Small blown glass bottle, mottled with various colors ranging from light blue to brown intermixed with bits of mica to create a sparkling effect. Presented to Robert Thorp in a small box with stand.
Pair - 5 1/2" h. Baluster - 6 1/8" h. A pair of pyriform vases on a high splayed foot, molded with a raised floral scroll above a raised band which is over a band overlapping lotus leaves, an incised thin band on the wide neck terminating in a flat ringed mouth. The dirty light brown and crazed glaze on the exterior falls to halfway down the foot where the grey sugary body is brown from firing. A third vase is of baluster form with moled leaves on the shoulder below the bulbous portion and on the foot, two applied tubular handles above an incised ring on the neck. The dirty light brown glaze is halfway down the foot.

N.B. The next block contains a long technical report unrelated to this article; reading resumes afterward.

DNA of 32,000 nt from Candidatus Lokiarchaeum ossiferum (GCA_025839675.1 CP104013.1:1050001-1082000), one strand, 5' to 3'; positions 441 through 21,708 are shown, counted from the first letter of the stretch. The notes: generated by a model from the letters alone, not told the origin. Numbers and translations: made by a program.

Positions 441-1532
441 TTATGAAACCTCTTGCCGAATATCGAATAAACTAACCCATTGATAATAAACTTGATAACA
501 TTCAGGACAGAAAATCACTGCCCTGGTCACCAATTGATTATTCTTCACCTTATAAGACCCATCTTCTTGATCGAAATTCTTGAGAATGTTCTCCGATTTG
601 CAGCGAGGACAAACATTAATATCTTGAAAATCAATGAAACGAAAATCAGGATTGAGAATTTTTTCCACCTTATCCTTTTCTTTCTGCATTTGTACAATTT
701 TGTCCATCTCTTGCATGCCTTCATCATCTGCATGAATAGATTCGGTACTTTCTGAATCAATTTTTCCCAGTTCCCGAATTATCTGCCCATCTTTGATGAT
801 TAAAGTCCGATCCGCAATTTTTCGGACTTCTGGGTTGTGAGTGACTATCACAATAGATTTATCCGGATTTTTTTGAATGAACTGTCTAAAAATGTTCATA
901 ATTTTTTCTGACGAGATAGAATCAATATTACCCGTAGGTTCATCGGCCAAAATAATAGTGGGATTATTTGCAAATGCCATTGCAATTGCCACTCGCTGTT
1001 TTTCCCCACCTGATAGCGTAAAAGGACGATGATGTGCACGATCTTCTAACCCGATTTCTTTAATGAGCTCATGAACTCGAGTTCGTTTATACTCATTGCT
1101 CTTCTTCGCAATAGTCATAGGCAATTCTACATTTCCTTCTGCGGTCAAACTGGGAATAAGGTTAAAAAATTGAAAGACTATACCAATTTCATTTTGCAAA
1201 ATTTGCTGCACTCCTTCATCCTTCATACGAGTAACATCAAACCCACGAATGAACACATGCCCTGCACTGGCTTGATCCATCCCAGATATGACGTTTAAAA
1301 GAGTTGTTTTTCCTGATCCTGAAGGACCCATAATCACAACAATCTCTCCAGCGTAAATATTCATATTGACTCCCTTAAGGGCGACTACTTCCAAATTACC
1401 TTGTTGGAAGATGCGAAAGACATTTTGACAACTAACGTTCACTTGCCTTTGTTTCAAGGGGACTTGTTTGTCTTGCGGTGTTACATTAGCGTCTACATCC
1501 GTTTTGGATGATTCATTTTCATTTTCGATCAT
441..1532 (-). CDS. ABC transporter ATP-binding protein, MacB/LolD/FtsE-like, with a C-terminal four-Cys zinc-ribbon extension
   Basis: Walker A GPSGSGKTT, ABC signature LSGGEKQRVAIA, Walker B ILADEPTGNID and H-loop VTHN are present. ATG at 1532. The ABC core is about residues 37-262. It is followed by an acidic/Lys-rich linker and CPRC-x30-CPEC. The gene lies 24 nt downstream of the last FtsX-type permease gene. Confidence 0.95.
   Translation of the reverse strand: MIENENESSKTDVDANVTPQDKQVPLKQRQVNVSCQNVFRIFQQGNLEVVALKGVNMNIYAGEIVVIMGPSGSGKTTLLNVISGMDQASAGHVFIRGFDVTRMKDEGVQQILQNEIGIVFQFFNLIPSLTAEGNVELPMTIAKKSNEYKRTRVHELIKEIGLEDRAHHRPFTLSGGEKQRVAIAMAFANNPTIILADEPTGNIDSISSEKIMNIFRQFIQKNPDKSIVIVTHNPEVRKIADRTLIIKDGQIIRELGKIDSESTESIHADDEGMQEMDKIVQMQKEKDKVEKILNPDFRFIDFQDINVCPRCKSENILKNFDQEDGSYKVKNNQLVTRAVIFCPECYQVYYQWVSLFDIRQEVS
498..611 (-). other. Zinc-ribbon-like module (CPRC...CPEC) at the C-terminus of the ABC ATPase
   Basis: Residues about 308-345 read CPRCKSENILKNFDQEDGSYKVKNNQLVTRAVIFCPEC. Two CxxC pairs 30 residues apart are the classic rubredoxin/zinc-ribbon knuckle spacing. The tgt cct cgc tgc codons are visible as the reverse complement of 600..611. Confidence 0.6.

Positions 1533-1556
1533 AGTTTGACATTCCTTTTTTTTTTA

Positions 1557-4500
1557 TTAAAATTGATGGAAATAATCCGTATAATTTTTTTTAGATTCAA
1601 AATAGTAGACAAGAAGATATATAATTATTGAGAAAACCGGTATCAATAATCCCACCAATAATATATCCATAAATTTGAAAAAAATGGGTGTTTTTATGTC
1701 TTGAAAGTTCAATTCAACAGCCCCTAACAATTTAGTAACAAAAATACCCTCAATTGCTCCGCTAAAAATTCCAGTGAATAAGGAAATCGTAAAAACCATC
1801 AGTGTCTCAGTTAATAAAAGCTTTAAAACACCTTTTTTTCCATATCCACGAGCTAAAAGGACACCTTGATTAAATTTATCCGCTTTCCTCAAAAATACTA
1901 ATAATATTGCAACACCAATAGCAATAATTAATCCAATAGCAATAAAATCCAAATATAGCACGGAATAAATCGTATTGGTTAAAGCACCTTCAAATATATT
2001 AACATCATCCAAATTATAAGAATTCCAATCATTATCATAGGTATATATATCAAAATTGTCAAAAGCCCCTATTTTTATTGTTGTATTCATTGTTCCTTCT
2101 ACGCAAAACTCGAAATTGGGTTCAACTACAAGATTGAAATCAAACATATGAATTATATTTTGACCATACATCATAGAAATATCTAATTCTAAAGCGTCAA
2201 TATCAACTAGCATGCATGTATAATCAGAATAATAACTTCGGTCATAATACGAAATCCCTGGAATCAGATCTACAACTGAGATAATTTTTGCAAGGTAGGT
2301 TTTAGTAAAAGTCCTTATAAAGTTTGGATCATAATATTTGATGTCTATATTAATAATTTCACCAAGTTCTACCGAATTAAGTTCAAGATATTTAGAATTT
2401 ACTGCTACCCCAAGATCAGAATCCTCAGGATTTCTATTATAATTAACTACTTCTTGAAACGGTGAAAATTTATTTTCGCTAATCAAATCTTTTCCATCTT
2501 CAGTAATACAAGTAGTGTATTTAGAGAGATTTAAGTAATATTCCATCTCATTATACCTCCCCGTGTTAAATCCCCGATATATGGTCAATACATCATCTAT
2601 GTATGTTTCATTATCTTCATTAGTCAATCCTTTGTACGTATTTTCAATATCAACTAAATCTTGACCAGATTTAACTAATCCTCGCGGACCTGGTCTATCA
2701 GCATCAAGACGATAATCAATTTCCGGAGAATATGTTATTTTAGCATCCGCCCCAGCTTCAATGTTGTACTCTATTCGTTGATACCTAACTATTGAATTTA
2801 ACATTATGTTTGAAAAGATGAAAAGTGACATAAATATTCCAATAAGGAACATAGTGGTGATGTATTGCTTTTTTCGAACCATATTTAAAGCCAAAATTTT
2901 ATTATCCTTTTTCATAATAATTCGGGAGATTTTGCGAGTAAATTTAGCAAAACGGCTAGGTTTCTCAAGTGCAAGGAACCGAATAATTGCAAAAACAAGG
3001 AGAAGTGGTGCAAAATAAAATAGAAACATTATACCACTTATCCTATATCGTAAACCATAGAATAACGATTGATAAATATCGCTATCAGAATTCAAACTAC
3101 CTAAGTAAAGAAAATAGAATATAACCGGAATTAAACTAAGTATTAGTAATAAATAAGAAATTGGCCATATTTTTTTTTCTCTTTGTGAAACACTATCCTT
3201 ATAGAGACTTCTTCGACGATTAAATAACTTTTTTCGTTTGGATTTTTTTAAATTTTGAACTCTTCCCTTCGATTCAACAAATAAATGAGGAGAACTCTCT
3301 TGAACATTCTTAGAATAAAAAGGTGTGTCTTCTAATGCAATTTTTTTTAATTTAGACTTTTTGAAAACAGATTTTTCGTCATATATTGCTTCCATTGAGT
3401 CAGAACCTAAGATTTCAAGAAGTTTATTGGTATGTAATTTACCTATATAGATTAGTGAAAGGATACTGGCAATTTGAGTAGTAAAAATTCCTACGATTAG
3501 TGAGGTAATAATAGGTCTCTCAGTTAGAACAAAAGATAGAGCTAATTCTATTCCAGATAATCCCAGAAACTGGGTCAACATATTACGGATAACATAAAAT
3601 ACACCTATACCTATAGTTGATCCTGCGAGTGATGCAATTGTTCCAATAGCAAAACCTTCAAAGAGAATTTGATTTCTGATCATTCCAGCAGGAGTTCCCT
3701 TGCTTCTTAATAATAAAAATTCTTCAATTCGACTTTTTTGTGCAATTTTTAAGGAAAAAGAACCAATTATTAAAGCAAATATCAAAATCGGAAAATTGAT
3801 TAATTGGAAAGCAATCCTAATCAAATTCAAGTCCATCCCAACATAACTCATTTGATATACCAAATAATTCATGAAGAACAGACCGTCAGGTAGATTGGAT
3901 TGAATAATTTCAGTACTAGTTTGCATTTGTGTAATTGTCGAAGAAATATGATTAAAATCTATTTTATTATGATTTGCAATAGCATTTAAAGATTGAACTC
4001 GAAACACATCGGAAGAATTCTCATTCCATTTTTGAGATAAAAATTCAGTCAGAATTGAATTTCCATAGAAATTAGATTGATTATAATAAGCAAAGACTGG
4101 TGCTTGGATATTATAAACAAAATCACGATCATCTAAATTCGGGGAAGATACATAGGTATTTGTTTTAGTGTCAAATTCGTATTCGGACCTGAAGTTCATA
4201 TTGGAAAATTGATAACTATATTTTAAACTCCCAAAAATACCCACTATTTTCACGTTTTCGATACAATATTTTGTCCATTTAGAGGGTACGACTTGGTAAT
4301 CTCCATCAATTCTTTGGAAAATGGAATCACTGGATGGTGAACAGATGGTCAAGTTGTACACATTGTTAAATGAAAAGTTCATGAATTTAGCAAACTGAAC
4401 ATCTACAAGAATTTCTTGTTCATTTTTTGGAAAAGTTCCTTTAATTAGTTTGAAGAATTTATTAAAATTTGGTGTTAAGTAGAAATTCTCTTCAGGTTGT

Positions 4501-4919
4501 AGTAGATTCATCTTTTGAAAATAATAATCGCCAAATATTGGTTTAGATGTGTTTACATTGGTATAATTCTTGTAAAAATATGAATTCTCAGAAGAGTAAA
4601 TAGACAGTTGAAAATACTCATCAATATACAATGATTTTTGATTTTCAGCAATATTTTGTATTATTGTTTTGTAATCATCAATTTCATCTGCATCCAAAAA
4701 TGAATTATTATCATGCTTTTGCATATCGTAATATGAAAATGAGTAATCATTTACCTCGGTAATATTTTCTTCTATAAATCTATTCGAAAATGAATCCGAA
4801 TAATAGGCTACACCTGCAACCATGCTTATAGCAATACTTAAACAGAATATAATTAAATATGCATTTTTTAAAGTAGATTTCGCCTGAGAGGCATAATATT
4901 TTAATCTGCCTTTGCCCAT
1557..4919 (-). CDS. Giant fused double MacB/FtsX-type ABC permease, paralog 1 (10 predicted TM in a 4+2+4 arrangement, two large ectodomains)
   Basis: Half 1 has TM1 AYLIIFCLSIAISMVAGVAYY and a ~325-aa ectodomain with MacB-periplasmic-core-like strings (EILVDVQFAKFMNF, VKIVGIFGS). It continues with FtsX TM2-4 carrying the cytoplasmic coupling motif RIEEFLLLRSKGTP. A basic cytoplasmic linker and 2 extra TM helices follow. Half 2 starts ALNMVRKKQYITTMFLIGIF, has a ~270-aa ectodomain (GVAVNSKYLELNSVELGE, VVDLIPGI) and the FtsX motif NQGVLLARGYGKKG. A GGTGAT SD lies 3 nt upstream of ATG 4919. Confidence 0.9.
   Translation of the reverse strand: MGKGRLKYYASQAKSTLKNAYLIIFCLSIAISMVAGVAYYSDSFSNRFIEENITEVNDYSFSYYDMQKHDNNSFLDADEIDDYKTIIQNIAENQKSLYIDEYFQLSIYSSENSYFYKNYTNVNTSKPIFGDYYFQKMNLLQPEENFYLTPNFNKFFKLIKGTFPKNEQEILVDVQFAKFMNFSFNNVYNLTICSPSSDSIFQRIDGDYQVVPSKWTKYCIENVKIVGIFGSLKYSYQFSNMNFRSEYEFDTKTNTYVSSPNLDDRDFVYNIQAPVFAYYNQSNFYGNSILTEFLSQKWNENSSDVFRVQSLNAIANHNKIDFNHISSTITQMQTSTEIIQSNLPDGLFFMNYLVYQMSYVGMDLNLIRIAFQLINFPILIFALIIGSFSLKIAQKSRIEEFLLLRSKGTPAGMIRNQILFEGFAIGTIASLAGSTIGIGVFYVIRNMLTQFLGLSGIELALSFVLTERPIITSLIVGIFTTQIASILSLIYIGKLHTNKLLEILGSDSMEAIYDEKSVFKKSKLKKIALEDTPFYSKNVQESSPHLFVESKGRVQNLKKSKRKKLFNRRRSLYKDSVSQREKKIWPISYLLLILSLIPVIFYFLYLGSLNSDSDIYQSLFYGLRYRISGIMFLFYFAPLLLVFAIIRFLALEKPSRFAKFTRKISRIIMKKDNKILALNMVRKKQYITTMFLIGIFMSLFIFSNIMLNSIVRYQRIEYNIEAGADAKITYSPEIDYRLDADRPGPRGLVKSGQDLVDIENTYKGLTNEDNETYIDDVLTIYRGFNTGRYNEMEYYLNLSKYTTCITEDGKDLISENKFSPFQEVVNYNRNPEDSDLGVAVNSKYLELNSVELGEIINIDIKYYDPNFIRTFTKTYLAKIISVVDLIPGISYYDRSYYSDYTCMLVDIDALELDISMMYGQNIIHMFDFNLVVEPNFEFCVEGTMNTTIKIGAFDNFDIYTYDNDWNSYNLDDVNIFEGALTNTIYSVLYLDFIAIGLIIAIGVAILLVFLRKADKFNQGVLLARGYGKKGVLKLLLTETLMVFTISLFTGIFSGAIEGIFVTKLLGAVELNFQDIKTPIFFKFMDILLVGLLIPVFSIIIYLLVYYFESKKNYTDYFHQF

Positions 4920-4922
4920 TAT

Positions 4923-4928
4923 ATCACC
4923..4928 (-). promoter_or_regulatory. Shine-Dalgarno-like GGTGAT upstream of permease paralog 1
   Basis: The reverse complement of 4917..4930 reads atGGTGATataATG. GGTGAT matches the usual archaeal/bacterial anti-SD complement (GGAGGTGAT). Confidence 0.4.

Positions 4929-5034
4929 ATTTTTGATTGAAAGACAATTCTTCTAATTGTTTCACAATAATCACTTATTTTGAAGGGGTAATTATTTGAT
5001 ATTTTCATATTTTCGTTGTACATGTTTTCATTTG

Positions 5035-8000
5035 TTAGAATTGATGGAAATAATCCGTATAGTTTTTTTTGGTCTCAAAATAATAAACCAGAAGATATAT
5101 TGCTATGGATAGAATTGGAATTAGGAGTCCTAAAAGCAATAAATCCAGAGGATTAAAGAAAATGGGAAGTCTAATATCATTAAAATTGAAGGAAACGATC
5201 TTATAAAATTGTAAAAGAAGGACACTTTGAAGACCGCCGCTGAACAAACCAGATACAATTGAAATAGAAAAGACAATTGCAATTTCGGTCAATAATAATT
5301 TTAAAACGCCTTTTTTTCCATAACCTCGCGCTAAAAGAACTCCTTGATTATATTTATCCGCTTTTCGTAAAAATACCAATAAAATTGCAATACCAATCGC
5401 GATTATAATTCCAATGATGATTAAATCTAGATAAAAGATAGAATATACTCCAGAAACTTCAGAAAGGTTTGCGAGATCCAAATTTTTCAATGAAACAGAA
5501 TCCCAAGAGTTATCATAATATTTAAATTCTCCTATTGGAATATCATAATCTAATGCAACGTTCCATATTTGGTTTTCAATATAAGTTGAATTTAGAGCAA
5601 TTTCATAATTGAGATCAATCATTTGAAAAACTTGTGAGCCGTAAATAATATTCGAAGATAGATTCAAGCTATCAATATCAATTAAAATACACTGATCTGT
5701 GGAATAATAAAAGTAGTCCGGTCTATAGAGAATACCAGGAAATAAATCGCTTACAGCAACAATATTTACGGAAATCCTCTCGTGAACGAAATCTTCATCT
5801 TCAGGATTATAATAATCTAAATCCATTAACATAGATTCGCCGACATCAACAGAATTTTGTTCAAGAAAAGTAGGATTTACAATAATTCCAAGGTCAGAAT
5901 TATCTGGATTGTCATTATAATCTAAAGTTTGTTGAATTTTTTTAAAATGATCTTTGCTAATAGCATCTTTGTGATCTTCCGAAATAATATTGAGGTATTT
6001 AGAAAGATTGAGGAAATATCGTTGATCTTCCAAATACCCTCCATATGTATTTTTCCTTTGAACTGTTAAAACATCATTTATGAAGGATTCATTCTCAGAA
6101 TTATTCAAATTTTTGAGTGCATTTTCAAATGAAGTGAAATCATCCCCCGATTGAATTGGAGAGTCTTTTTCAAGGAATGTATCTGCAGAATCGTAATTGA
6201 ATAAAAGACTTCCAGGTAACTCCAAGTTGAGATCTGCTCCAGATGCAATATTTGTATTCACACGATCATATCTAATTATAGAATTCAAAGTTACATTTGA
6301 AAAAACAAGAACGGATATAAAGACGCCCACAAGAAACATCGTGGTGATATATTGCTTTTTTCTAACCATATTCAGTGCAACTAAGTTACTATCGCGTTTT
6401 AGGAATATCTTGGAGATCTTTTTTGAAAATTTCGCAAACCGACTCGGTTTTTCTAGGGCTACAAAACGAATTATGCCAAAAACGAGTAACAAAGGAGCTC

1 1/2""h x 1 3/4""l (including base). Finely carved sampan with moveable windows and doors set on a peach stone stand carved with raised flowers on an inverted chevron ground.
4 5/16" w. Twenty four characters forming a frieze flanked by rope twist borders in the recessed field surrounding the plain pierced central knob.
2 1/4" x 2 1/4". Mottled green jade with white and black inclusions, carved in cylindrical form with a turtle surmounted.
1 1/2"h x 1 3/4"l (including base). Side view of finely carved gourd showing scenes from literature and opera.
3 7/8" l. Greenish-white jade with russet markings carved in an archaistic style standing dragon, handcarved fitted wood stand.